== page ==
Thank you for the invitation to join His Excellency, Foreign Minister Rau, Chairperson-in-Office of the Organization for Security and Cooperation in Europe (OSCE), to brief the Council on UN-OSCE cooperation.
The tragic conflict in Ukraine, which over the weekend has further worsened, vividly illustrates the importance of mechanisms to maintain and strengthen European and international peace and security.
Born out of the Cold War, the OSCE, has been at the center of efforts to bring its unique membership, spanning from Vancouver to Vladivostok, around one overarching goal: to resolve differences peacefully.
In line with Chapter VIII of the United Nations Charter, the OSCE works in complement to the UN, including to resolve conflicts in the region.
In 1993, the UN and the OSCE established a Cooperation Framework. Since then, our partnership has grown in scope and substance to help address acute crises and find solutions to common peace and security challenges.
Our shared commitment to preventive diplomacy, mediation, peacebuilding, and the Women, Peace and Security agenda, was reaffirmed through the Joint Declaration between the Secretary-General and the Chairperson-in-Office in 2019.
The coordination and complementarity guiding our efforts translate into action in various ways.
We work together in Central Asia, most recently to implement the UN Global Counter-Terrorism Strategy.
In the Western Balkans, to advance reconciliation.
And in the Caucasus, where the UN co-chairs the Geneva International Discussions on Georgia along with the OSCE and the EU.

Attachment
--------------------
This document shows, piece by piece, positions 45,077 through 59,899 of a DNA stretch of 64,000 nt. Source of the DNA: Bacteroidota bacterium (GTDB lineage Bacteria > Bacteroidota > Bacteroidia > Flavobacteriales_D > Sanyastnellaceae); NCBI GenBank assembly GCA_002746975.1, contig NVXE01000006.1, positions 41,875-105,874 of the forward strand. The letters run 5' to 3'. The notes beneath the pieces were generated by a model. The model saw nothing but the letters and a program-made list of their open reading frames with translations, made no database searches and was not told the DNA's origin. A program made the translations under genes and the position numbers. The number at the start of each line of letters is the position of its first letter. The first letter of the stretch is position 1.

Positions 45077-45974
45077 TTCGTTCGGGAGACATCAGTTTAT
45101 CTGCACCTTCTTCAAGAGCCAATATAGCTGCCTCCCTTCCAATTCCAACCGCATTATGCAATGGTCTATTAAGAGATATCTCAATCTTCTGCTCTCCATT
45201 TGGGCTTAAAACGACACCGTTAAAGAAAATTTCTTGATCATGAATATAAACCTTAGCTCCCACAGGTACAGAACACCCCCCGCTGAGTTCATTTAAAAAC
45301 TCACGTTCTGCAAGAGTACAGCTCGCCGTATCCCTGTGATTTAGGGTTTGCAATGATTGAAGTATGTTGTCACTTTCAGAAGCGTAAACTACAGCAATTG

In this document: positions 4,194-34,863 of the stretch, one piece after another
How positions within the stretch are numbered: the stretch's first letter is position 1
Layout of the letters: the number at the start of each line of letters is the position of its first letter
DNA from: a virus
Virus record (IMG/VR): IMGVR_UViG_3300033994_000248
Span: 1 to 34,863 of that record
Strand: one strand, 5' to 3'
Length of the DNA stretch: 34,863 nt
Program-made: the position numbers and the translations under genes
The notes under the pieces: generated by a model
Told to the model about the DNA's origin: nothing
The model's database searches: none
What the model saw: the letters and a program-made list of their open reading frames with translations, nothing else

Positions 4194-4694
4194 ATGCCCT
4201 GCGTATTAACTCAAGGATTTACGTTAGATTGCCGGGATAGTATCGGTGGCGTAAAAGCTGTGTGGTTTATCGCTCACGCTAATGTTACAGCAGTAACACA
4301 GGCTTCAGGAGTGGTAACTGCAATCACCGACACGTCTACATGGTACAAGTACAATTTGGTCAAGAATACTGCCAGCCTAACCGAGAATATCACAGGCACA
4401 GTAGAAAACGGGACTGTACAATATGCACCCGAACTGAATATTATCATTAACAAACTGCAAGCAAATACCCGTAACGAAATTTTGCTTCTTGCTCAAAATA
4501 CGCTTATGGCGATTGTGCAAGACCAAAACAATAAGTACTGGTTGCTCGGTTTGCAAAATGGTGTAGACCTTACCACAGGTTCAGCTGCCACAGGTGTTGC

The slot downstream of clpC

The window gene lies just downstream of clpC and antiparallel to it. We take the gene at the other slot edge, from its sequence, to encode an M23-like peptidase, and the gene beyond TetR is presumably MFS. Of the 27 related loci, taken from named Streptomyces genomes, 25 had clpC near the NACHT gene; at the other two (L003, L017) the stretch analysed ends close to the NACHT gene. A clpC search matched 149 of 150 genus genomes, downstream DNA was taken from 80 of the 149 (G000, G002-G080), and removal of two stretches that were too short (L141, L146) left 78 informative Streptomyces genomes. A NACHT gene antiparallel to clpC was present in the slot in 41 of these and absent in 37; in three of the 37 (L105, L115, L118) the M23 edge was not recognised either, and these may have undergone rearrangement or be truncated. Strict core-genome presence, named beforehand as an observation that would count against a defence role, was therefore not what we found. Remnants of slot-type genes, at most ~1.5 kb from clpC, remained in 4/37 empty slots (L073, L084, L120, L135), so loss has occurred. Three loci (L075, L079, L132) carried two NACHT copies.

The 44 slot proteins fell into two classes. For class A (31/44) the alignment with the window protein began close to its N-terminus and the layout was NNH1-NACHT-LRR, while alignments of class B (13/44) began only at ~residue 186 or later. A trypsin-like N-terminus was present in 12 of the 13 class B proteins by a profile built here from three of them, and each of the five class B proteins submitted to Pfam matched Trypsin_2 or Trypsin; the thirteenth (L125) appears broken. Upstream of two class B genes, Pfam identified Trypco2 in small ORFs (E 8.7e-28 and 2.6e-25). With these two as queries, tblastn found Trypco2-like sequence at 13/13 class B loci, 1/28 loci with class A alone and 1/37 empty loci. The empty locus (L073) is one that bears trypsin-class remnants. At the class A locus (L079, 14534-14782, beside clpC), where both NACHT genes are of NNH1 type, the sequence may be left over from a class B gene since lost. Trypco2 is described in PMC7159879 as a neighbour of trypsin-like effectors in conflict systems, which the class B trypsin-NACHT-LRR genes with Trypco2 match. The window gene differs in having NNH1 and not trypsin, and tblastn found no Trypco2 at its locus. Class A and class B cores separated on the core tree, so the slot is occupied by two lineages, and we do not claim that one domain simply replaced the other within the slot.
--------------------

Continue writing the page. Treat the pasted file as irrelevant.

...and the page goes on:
Further, the UN has sought to complement the OSCE’s leading role to address protracted conflicts regarding the Nagorno-Karabakh and Moldova.
Regarding Ukraine, and pursuant to Security Council resolution 2202 on the Minsk Agreements, the UN has consistently supported the work of the OSCE, especially the Special Monitoring Mission and the OSCE-led Trilateral Contact Group, while carrying out our humanitarian and human rights mandates on the ground.
I wish to pay tribute here to all OSCE staff for their important work accomplished under very challenging circumstances.
The war in Ukraine is the most severe test the OSCE and related regional frameworks have faced since their creation. The Russian invasion has shaken the foundations of the European security architecture to its core.
As we meet, the bloodshed continues to worsen. Russian forces have now launched deadly strikes in the west of Ukraine.
Ukrainian cities are under unrelenting shelling and bombardment, with many civilians killed daily.
As I said three days ago in this very chamber, the Office of the High Commissioner for Human Rights (OHCHR) has received credible reports of Russian forces using cluster munitions, including in populated areas. Indiscriminate attacks, including those using cluster munitions, which are of a nature to strike military objectives and civilians or civilian objects without distinction, are prohibited under international humanitarian law.